OUR KOREAN WAR STORY: Monkeys, rats, body bags and mail

OUR KOREAN WAR STORY: Monkeys, rats, body bags and mail

California Legionnaire Tony Zummo, 92, remembers the muddy roads, spies claiming to be road workers, freezing cold temperatures, rats that would gnaw into body bags, holiday mail for soldiers spending Christmas 1951 at war and monkeys that were trained to toss little cherry bombs at Americans to blind them.

Zummo served in the Army Grave Registration Service after turning 21 in basic training at Fort Ord, Calif. Drafted into the Korean War, he did not experience combat, but he saw its grim effects. His mission was to transport bagged bodies in from the field.

“We had bodies all the time, three or four at a time,” Zummo recently told The American Legion. “They would put them in rubberized bags.” At night, he added, “if we didn’t rotate the bodies, the rats would come to eat the petroleum bags and chew the bodies.”

He vividly remembers his wartime experience.

He recalls the reason for duplicate dog tags – one to send home to grieving families, the other to help identify the fallen inside the bags. Zummo’s job typically included two important objectives: transport the dead from the field and return to the battlefield units with their mail.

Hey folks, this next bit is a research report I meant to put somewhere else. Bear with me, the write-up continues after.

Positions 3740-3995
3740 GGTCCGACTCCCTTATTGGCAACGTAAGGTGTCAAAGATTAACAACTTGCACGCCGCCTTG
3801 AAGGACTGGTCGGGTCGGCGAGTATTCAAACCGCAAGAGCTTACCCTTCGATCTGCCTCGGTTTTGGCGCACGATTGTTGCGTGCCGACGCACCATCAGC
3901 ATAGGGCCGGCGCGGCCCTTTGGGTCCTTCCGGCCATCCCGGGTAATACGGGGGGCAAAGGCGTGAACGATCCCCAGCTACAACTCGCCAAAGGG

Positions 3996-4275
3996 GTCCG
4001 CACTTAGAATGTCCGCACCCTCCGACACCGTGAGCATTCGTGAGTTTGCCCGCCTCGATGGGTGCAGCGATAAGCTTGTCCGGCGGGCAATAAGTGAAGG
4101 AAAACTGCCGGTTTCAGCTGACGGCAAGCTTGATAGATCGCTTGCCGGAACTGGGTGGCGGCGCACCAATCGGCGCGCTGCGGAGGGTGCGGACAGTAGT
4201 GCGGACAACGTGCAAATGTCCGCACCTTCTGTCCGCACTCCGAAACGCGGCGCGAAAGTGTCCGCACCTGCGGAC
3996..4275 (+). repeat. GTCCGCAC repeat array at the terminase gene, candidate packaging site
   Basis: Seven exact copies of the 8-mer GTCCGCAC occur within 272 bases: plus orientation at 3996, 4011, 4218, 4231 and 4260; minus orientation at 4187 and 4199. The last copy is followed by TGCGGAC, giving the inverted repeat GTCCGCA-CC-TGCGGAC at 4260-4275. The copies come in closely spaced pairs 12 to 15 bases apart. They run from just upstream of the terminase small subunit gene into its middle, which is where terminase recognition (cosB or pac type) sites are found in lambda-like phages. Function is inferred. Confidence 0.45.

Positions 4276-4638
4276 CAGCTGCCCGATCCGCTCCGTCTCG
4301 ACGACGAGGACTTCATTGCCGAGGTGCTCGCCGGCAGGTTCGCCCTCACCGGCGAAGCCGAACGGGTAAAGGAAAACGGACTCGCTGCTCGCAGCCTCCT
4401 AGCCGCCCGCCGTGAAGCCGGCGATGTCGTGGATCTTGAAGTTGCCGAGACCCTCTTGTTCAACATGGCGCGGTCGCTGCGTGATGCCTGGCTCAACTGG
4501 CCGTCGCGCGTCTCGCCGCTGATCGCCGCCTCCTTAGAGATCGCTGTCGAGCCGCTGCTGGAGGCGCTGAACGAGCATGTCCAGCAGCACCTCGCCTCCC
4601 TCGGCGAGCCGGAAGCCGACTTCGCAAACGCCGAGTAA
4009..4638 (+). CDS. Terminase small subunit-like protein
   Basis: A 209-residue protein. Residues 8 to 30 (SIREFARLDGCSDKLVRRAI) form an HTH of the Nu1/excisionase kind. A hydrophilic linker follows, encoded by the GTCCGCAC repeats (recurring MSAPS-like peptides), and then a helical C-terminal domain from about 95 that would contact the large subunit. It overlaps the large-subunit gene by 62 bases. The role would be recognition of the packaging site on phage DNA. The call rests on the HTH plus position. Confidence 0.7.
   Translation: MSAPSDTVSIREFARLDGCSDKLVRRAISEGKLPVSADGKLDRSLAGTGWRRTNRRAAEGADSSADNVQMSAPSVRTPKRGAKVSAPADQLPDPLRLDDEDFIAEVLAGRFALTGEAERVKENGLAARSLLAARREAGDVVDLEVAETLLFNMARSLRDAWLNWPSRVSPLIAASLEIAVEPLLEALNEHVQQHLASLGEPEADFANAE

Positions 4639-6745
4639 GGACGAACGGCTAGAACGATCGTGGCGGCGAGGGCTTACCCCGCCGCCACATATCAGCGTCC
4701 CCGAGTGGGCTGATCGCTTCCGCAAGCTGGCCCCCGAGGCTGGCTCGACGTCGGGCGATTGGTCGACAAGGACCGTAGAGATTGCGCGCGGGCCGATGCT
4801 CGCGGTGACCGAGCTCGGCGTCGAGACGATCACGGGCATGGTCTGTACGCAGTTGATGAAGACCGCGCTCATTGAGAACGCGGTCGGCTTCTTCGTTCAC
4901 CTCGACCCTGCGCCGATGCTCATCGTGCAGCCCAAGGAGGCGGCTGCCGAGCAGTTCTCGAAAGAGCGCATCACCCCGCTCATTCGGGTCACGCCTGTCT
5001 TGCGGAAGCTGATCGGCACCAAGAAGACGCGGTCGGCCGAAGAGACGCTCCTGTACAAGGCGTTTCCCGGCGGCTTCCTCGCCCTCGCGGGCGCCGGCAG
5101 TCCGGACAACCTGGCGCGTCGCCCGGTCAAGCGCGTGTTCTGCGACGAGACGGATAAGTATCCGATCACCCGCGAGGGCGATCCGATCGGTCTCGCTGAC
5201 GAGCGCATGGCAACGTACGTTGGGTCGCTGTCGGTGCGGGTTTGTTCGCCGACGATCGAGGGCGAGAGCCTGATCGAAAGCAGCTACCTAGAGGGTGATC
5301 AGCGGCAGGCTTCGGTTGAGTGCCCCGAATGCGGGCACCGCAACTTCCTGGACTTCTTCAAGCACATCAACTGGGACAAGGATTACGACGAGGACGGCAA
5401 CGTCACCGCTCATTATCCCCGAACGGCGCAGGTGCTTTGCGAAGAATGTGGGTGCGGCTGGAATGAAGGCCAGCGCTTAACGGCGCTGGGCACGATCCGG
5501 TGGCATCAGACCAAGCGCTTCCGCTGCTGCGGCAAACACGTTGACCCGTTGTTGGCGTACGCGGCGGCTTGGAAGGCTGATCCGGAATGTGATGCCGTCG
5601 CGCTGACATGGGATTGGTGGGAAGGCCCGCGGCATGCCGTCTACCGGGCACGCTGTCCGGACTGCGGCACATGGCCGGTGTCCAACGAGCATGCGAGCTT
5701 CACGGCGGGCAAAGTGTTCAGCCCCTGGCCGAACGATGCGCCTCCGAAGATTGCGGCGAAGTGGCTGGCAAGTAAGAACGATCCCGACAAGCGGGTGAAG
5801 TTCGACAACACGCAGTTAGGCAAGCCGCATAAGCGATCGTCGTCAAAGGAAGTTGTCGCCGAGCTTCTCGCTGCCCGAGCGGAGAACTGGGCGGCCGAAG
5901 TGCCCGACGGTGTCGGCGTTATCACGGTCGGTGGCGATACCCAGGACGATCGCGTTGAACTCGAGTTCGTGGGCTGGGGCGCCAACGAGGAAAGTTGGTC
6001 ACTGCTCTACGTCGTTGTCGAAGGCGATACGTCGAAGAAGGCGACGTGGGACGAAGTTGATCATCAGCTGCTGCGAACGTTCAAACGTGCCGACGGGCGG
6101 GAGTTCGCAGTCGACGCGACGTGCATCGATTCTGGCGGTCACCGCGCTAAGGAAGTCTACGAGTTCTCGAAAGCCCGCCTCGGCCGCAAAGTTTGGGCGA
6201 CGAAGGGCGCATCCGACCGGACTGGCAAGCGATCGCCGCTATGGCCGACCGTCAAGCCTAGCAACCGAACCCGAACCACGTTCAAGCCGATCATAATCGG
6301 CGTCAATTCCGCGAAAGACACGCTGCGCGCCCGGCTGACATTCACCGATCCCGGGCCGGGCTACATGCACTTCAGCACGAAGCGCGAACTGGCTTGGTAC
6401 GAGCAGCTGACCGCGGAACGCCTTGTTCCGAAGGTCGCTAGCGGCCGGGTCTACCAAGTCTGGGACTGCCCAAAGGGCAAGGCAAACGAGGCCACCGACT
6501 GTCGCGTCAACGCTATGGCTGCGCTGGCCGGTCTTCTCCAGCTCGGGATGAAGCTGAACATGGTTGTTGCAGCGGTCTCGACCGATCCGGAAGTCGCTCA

“It rained most of the time and snowed quite heavily, down to minus 28 degrees, and I had to drive through that. If I didn’t get the bodies turned in, the rats would get them. And picking up the mail was important because it was the holidays.”

In 2010, Zummo was featured in the Inland Valley Daily Bulletin and told of shipping out to Korea on the USS Thomas Jefferson where the soldiers slept “in the bottom of the ship on bunks about 12 inches between each bunk.”

Once in Korea, as a truck driver, he served near the Headquarters Service Compound as others from his southern California neighborhood were sent to the front-line fighting, some of whom never made it home alive. Now that his sergeant in the war, “Smitty,” recently passed away, Zummo says he is about “the only one left.”

His grim role in the war, he said, has never left his memory. One officer, he explained, was burned to death and had to be recovered with a helicopter. When the body was transferred to Zummo’s truck, the smell was nearly unbearable. He said an MP stopped him on the road for driving too fast and soon discovered why. “The truck smelled of dead body for about a week.”

And then there were the monkeys. “The Chinese trained them, and we would sometimes capture them,” Zummo said. “They were very friendly. They would hop around and come in your foxhole and on a certain command, they would have these little cherry bombs they would throw, and they could blind you.”

Among his photos from the war are images of other soldiers with captured monkeys, Sgt. Smitty crossing a swollen river in a jeep and scenes from the 38th Parallel. “I remember everything very clearly,” he says.

He served two years during the Korean War and, once he was discharged, returned to his old job at Sears, where he worked another 40 years, and was active in community service, particularly youth programs, along with participation in The American Legion and Veterans of Foreign Wars.